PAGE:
Following Big Cats was S’Natra. Now don’t feel bad if you don’t know this kid’s name but make sure you take note. I definitely had never heard of him prior to walking into last night’s show but within the first song of his set I was in love and found myself putting my phone back in my purse and putting my drink down so I could give him all of my attention. Although he’s from New York, S’Natra’s brand of rap had a very Midwest feel to it. I could honestly see him fitting in perfect with the Doomtree or Rhymesayers clan here in the cities and do hope to see a connection or collaboration there some day. You could feel and see the passion as he stalked from side to side of the small stage. His raps, like the Minnesota rap/hip-hop I’ve come to love, were about real life things. At times his music seemed a bit brash and aggressive but that was just the passion talking. The balance between aggression and a unique sense of tenderness was beyond impressive and had myself and the rest of the crowd falling head over heels for his music and his down-to-earth personality.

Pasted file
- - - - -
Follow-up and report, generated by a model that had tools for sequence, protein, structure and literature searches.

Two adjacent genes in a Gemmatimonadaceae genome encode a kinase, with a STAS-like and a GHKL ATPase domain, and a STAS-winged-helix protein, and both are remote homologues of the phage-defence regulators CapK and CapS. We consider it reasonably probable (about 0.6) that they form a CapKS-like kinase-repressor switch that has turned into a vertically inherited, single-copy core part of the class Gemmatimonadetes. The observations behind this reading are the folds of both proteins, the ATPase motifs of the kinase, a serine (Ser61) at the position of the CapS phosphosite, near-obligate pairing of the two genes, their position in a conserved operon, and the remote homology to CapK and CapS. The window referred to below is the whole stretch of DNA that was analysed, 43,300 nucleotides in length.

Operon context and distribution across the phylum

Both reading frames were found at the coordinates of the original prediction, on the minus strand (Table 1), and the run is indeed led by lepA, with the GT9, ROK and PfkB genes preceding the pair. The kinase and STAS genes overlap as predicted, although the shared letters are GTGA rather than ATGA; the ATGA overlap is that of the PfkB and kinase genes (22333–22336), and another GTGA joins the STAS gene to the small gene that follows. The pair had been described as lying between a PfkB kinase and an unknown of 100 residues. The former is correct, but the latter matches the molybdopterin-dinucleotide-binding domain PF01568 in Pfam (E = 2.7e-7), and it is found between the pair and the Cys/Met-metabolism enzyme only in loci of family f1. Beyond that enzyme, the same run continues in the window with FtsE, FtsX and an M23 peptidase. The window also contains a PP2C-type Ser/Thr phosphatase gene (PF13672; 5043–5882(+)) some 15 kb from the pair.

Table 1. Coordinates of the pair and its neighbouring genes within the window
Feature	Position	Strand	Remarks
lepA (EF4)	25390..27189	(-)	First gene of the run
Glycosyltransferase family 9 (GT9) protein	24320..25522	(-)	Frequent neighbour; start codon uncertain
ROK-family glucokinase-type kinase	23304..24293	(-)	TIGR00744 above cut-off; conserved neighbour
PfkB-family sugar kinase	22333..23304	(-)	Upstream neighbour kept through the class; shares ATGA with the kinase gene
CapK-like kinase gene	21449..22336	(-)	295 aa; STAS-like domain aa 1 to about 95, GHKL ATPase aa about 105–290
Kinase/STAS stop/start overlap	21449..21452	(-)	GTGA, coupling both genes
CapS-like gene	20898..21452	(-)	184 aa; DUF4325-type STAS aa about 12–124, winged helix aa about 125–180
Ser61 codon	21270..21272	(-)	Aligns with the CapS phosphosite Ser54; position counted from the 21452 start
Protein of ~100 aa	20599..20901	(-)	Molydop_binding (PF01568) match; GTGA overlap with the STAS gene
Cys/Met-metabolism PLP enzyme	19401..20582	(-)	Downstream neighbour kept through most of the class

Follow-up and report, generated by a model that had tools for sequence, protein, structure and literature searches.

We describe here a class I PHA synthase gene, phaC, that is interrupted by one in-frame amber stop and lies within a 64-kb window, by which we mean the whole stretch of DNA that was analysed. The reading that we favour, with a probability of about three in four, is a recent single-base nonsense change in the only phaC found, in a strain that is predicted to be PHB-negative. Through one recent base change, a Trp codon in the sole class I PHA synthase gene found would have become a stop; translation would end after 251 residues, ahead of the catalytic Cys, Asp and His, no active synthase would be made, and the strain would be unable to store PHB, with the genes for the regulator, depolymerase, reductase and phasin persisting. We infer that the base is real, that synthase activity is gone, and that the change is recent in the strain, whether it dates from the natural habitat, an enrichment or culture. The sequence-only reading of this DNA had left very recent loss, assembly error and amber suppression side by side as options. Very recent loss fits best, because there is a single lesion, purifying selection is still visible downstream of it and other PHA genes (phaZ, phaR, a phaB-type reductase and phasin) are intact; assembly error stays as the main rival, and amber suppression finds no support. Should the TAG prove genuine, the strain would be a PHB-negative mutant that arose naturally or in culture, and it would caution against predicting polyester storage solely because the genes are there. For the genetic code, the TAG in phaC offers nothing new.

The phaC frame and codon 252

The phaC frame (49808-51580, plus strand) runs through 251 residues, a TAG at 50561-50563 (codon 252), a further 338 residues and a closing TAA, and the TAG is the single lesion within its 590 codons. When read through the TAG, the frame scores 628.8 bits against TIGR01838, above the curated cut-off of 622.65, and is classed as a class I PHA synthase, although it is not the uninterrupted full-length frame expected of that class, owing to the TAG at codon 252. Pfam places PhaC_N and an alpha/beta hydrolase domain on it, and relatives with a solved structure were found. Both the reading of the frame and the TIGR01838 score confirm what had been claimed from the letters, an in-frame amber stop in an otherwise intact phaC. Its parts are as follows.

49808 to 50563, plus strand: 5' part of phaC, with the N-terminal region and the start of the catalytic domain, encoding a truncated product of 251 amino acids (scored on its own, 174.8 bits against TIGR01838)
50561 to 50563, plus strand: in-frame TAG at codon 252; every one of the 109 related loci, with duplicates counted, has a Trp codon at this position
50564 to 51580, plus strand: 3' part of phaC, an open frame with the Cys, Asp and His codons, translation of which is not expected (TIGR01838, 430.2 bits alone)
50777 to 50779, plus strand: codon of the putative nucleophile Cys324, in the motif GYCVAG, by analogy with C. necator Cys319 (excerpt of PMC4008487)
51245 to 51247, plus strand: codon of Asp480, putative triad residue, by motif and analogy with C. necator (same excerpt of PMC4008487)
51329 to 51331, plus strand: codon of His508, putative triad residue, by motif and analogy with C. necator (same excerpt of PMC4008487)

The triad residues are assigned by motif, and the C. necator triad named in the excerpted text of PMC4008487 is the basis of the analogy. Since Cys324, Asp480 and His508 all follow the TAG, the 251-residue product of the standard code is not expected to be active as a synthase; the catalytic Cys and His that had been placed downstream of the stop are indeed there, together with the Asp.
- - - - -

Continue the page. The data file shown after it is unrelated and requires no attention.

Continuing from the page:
As the stage was turned over, the neon light spelling out “Brasstracks” turned on and instantly there was a sense of excitement throughout the venue. Honestly, I was a bit shocked at how busy it was for a Sunday night and for a band that I figured was a bit more “unknown” than most. I watched as people hurried to the bar to get one more drink before making their way into the space in front of the stage. As soon as there was any sense of movement on stage, the crowd went wild. Again, the shock of just how many people had actually come out on a sleepy Sunday and how excited they were for this group blew my mind and I couldn’t help but get myself all wrapped up in the excitement.

Brasstracks is Ivan Jackson on trumpet, keys, and computers and Conor Rayne on drums. Now, I know what you’re thinking– duo? I mean, cool but how fun can that actually be? Well first off, there was no way to fit many more members on the stage so it actually ended up being perfect. Secondly, there was so much going on just between the two of them (and S’Natra when he was brought up to help out) that anything more would have been insanely overwhelming.